“Let’s give the kids bread and water this week,” I told Mrs. Tommie, one of the Wednesday night pre-school teachers. I was texting so I wrote, “I know you just rolled your eyes!”
Bread and water sounds like they were being punished but they weren’t! It went along with our lesson. We have been studying about Elijah for the past few weeks. (The stories are recorded in 1 Kings 17.)
King Ahab did not love or obey God. (In reality, he was terribly evil. Not only did he not love God, but he worshiped Baal. In our Bible story book there is a picture of him bowing before a statue with a cow’s head. I tell them that King Ahab did not love God but loved a statue. Even our preschoolers know that’s pretty dumb.) God sent the prophet Elijah to tell him there would be no rain for a long time. (Baal was the one Ahab believed made it rain.) King Ahab was NOT happy about that! God told Elijah to go to the ravine (we didn’t use that word) and there would be water and food to eat. Elijah drank from a brook (we called it a “creek”) and then ravens or blackbirds brought him bread and meat two times a day. Two times a day – I say. Those were good lessons about how God provided for Elijah and He will take care of us, too.
This week’s story was the next part of 1 Kings 17. After the brook dried up, God told Elijah to go to Zarephath. (We said that a couple of times.) When Elijah got there, he met a widow who was picking up sticks. Elijah called to her, “Could you bring me a drink of water?” That’s what I pictured our kiddies doing! I would have a pitcher of ice cold water and would get each one of them to say in a scratchy, really thirsty voice, “Could you give me a drink of water?” I laughed as I texted it, knowing Mrs. Tommie would think I was off my rocker. It would be sooo cool! And then they would remember it maybe forever!
In the same breath, Elijah said, “And please bring me a piece of bread.” That’s when the true story took a sad turn for a moment. The widow stopped in her tracks. “As surely as the Lord your God lives,” she replied, “I don’t have any bread—only a handful of flour in a jar and a little olive oil in a jug. I am gathering a few sticks to take home and make a meal for myself and my son, that we may eat it—and die.” Don’t worry, I didn’t tell the children that part! I just said she told him they didn’t have enough to share. Whew!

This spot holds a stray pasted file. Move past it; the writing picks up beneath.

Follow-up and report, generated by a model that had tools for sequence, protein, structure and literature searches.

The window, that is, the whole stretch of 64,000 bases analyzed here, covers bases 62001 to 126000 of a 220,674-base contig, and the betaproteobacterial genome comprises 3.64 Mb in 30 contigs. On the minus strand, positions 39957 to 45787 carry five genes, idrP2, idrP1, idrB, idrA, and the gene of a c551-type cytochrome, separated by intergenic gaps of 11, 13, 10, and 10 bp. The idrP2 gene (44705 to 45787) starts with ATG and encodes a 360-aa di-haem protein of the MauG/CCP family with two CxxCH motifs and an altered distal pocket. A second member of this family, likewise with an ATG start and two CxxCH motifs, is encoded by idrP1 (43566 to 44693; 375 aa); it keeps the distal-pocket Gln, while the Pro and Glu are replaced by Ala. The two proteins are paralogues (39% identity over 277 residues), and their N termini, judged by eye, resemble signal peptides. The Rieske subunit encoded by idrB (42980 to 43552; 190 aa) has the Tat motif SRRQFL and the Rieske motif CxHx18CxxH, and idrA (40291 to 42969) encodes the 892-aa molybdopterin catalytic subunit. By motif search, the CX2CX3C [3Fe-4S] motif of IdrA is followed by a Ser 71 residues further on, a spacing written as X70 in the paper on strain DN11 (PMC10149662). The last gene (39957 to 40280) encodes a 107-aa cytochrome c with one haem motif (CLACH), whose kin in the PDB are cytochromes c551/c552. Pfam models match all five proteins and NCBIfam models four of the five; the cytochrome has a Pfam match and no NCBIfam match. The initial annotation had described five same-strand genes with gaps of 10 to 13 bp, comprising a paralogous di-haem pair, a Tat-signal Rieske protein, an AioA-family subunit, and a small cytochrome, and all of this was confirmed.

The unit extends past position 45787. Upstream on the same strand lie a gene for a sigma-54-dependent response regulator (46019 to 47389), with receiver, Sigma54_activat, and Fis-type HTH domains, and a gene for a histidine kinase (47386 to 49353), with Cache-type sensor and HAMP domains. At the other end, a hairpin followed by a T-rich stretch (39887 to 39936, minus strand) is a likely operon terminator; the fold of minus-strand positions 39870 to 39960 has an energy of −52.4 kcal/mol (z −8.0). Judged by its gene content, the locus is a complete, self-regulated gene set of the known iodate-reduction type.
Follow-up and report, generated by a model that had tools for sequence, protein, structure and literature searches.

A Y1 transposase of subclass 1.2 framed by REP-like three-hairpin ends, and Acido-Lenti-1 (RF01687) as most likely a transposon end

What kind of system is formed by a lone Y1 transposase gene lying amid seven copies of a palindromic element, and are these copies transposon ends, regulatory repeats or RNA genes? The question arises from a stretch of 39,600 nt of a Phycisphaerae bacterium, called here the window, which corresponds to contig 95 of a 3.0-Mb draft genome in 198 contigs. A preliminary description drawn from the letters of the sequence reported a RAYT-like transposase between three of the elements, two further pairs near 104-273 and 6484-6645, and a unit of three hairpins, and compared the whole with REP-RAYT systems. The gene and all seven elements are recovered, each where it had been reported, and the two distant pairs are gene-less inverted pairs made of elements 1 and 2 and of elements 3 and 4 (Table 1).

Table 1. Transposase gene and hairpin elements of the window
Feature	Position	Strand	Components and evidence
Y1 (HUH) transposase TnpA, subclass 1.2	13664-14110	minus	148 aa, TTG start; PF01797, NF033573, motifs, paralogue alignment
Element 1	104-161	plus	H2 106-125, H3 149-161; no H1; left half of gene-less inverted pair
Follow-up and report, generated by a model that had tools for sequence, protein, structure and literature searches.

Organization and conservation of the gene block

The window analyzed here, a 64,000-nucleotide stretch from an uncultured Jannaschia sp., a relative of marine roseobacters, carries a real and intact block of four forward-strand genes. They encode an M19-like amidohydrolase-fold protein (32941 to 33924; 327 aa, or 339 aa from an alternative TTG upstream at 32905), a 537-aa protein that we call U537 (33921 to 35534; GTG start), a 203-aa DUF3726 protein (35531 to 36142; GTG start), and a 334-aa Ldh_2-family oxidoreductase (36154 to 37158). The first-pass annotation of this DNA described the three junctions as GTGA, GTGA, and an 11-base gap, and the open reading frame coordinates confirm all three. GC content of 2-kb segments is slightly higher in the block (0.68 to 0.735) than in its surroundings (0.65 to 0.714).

I could just see in my head all of our preschoolers saying in a scratchy, really hungry voice, “Could you bring me a piece of bread, too?” (I’m saying it myself as I type!)
Things I picture in my head are not always what transpires. I’m fairly certain that especially the two-year olds thought the lesson had something to do with butter. Mrs. Tommie-the queen of snacks- brought butter and jam to put on our bread. The kids were thrilled! (It wasn’t mentioned in the Bible, but they quite possibly might have had butter and jam!) I had to tell the story at least three times between calls for “More butter!” I eventually had to explain that the butter was just ON the bread and they were supposed to eat the bread, too. It was difficult for them to grasp. I cracked up!
They did love the ice cold water, though. Who knew?!
The end of the story is that the widow did share bread and water with Elijah and her supplies never ran out! Her little bit of flour and little bit of oil kept going and going and going! We talked about being kind and sharing, though no one wanted to share their butter!
We sang about God taking care of us before we left.
It’s a good place to be when you’re little and know that even though we can’t see Him, God is watching over us and is big enough to take care of us! Sometimes, as adults, we make things so complicated.
Dawn Reed is a columnist for The Floyd County Times.